Maison Birks also has announced that early in the new year it will be opening its first location in China. The store will be the jeweller's first outside of North American and will be situated in central Beijing. 

[Images via Maison Birks]

Thursday, 31 October 2013

News: Hudson's Bay Reveals Sochi 2014 Canadian Olympic Gear

New collection aims to celebrate Canada while spreading the Olympic spirit.
Canadian athletes model the 2014 Sochi collection.
Hudson's Bay, the official outfitter of the Canadian Olympic and Paralympic teams has unveiled their official Olympic collections. The retailer will be dressing Canada's teams and now is offering all Canadians the chance to be a part of the Olympic moment.

"We're so proud to continue to be a part of the Olympic Games and are thrilled to be the Official Outfitter of the Canadian Olympic and Paralympic Teams," says Bonnie Brooks, President, Hudson's Bay Company.  "As a Premier National Partner of the Canadian Olympic Committee and Canadian Paralympic Committee, we support our athletes in many ways and we are excited to witness what they will accomplish at the Sochi 2014 Olympic Winter Games.  We at Hudson's Bay are fiercely proud to be Canadian and are passionate about bringing the Olympic spirit to Canadians through our clothing and we can't wait to cheer on our athletes, knowing that we CAN own the podium."

The 2014 Olympic and Paralympic Collection is meant to reflect a unique Canadian character. Key motifs in the collection include colour-blocking (using three main colours that Hudson's Bay calls Maple Leaf Red, Northern White and Winter Night Black), the maple leaf and crest symbols, and a nod towards diverse Canadian wildlife.

Stand out items include:

The Duffle Coat. A wool coat inspired by the iconic Hudson's Bay Point Blanket with large toggle buttons, $275.

The T-Shirts. Colour-blocked and solid colour t-shirts in a variety of designs, $30-35.

Reversible Down Jacket. Winter ready in red or black, with a signature crest on the sleeve, $150.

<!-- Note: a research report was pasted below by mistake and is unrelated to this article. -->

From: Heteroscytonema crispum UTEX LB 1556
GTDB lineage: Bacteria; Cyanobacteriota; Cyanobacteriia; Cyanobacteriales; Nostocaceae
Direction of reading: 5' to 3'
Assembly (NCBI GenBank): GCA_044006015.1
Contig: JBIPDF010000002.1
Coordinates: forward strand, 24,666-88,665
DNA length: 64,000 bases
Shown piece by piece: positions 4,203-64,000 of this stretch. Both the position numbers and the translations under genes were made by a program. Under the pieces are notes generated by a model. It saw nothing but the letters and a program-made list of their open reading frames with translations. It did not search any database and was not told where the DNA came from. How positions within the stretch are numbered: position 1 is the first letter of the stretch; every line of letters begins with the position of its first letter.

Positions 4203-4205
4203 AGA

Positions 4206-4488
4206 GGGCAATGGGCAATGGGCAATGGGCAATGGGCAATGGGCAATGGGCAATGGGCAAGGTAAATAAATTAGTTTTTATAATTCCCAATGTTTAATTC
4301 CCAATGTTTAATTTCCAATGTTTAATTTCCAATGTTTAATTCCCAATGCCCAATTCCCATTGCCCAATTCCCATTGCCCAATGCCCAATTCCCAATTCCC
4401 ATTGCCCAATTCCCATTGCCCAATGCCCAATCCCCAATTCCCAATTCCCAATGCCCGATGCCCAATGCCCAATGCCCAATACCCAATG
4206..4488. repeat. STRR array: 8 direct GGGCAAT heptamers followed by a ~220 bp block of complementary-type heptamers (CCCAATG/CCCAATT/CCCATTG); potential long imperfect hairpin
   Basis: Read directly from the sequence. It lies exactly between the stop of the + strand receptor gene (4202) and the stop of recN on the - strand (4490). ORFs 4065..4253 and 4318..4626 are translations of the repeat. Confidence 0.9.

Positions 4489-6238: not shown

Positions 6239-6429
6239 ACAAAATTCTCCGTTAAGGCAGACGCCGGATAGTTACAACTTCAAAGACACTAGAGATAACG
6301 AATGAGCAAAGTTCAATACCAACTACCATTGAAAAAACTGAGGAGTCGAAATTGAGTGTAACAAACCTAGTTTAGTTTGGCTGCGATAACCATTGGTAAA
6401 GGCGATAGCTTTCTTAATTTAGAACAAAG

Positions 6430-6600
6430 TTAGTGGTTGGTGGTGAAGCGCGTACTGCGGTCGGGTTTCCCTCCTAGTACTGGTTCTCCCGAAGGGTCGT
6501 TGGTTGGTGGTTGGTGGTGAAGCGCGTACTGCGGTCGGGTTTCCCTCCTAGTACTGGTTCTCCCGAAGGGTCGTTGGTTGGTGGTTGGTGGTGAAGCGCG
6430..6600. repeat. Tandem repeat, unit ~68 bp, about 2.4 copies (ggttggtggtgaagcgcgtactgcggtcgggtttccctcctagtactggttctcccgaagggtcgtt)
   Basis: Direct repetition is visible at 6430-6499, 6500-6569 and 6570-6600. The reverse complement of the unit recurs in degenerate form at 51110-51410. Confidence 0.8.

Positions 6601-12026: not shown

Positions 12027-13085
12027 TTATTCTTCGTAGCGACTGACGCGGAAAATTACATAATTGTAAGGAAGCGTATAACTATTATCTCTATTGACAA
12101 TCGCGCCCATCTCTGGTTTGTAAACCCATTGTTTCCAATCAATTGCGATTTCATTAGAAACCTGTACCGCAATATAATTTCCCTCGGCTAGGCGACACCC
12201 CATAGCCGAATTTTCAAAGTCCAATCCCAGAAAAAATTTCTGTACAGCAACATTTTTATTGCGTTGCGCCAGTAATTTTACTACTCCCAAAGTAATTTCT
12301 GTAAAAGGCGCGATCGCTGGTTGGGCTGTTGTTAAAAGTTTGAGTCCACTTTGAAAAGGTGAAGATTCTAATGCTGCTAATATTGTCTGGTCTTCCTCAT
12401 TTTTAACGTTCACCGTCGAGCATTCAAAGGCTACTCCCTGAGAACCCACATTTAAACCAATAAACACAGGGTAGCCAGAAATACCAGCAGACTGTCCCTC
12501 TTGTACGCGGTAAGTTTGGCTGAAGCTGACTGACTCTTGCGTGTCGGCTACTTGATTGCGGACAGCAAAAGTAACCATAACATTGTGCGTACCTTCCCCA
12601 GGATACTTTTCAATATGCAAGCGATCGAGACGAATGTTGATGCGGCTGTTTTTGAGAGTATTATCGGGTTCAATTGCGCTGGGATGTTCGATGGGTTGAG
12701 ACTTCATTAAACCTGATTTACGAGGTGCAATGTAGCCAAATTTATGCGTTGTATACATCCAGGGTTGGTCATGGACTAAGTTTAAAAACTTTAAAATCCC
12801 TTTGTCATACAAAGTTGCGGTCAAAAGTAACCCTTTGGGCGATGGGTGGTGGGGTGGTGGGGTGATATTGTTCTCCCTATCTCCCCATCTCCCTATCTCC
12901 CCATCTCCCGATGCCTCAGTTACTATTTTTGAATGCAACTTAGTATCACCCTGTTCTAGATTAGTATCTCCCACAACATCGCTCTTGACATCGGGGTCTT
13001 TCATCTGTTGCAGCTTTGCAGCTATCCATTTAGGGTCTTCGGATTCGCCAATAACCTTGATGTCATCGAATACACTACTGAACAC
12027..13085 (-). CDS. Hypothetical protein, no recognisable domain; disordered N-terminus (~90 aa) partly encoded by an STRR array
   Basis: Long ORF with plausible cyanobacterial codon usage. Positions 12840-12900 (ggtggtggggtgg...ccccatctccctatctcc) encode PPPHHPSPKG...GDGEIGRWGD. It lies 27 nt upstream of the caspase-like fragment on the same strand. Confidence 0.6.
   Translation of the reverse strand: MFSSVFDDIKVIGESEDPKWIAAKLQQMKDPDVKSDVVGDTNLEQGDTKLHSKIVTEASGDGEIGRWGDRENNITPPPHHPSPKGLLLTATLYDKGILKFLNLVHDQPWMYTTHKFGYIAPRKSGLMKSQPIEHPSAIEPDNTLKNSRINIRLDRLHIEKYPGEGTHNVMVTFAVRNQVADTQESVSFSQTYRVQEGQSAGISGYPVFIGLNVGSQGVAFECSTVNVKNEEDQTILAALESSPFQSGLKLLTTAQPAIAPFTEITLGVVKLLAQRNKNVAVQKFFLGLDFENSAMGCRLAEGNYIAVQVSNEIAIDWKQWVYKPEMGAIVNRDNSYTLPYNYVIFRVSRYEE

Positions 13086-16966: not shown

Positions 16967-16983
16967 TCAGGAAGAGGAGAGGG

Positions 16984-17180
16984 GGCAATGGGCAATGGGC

And of course ... the signature Olympic Mittens, $10.

The collection will be available at Hudson's Bay stores across Canada and at Prices range from $5-$30 for accessories, $12.99-$50 for children's wear, and $19-$275 for adult apparel (the most expensive item being the duffle coat).

The Hudson's Bay Company has been the official outfitter of Canada's Olympic and Paralympic teams since the 2006 winter games. Since beginning their partnership with the Canadian Olympic Committee, HBC has donated over $35 million to national sports organizations and recently renewed their partnership for a further eight years.

[Click here for the official HBC press release.]

Tuesday, 29 October 2013

News: Sears Confirms Details of $400 Million Deal

Sears flagship at the Toronto Eaton Centre

As Toronto Shopkeper reported yesterday, Sears Canada confirmed today the sale of 5 store leases in a transaction worth $400 million.

Sears will close their Toronto Eaton Centre, Sherway Gardens, and London-Masonville locations by February 28, 2014. A year later they will close their stores at Markham's Markville Shopping Centre and Richmond Centre in British Columbia. In total 965 associates will be affected by the closures. Sears has said qualified associates could be offered positions in other stores. All the malls in question are owned by Cadillac Fairview (except Richmond Centre which is co-owned with Ivanhoe Cambridge).